The Vote of Confidence: Major wins gamble on Social Chapter vote

JOHN MAJOR told the Commons yesterday he was not prepared to let the stalemate over European policy continue, as he bound his future as Prime Minister to the opt-out from the Social Chapter he negotiated 19 months ago at Maastricht.

Disputes over the treaty and EC policy could not be allowed to 'poison the political atmosphere' any longer, he said in moving the confidence motion. 'This boil must be lanced and it must be lanced today.'

The motion, carried by 339 votes to 299 as Tory rebels returned to the fold, declared the House had 'confidence in the policy of the Government on the adoption of the Protocol on Social Policy' - the agreement of EC states on the Social Chapter including Britain's opt-out. A Labour amendment that the treaty should not be ratified without a commitment to adopt the Social Chapter was rejected by 339 votes to 301.

Opening the debate, Mr Major said disputes over European policy had 'masked' the Government's achievements on education, asylum and housing and the fact that the economy was moving back into recovery.

He warned Tory Euro-critics that the issue of confidence extended to the Labour amendment. 'No MP should be under any misapprehension about that, even though its terms are intended to entrap the unwary.

'At the conclusion of this debate either the Government will have won the vote of confidence and can proceed with its policies, subject to one outstanding court case, or we will have lost and I will seek the dissolution of Parliament,' he said to Labour cheers.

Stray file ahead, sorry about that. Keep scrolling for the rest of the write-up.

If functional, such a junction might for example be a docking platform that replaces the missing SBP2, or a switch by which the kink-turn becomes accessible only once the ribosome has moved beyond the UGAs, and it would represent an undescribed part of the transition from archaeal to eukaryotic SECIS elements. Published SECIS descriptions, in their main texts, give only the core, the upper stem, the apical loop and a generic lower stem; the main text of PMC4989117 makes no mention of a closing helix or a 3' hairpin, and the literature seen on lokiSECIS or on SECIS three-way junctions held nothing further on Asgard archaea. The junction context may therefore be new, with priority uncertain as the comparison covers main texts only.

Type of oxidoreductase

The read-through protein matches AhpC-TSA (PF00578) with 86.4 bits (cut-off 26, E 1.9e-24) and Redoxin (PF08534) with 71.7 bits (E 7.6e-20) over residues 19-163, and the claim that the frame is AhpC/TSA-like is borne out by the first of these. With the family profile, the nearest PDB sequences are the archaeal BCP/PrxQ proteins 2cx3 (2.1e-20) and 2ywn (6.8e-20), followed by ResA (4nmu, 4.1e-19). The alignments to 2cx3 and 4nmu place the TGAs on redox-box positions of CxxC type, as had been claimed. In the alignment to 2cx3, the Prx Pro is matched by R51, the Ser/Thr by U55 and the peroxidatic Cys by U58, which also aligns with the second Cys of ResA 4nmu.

Mr Major, in a lacklustre speech, interlarded quotes from businessmen and bankers with claims that the Social Chapter would cost jobs and reduce competitiveness. He said John Smith, the Labour leader, had the 'luxury of being able to strike attitudes'. The Government had to deal in realities.

'Mr Smith would not have to pay the price of his attitudes - the price would be paid by millions of men and women working hard to hold down jobs, bring up families and improve their working conditions.'

But Hugh Dykes, pro-European Conservative MP for Harrow East, said that so severe was the recession in other EC countries that no proposals had been put forward under the Social Chapter. Mr Major replied: 'Once we have adhered to the social protocol it is for good, not just for the brief period when our partners in Europe may be wary about bringing matters forward.'

In another intervention, Seamus Mallon, SDLP MP for Newry and Armagh, attacked whatever deal was done - none is admitted - to secure the nine votes of the avowedly anti-Maastricht Ulster Unionists. 'History will show that down through the years, sordid deals on the floor of this House have cost the lives of countless people in the north of Ireland.'

The Prime Minister had a duty to tell MPs what deal he did with the Ulster Unionists, Mr Mallon said, adding: 'The definition of an honest man is one who once he is bought, stays bought.' Mr Major told him: 'Nothing was asked for. Nothing was offered and nothing was given.'

He concluded: 'The matter could not have been left any longer. It has to be decided, and the only way to decide it is to reject the Social Chapter.'

(Photograph omitted)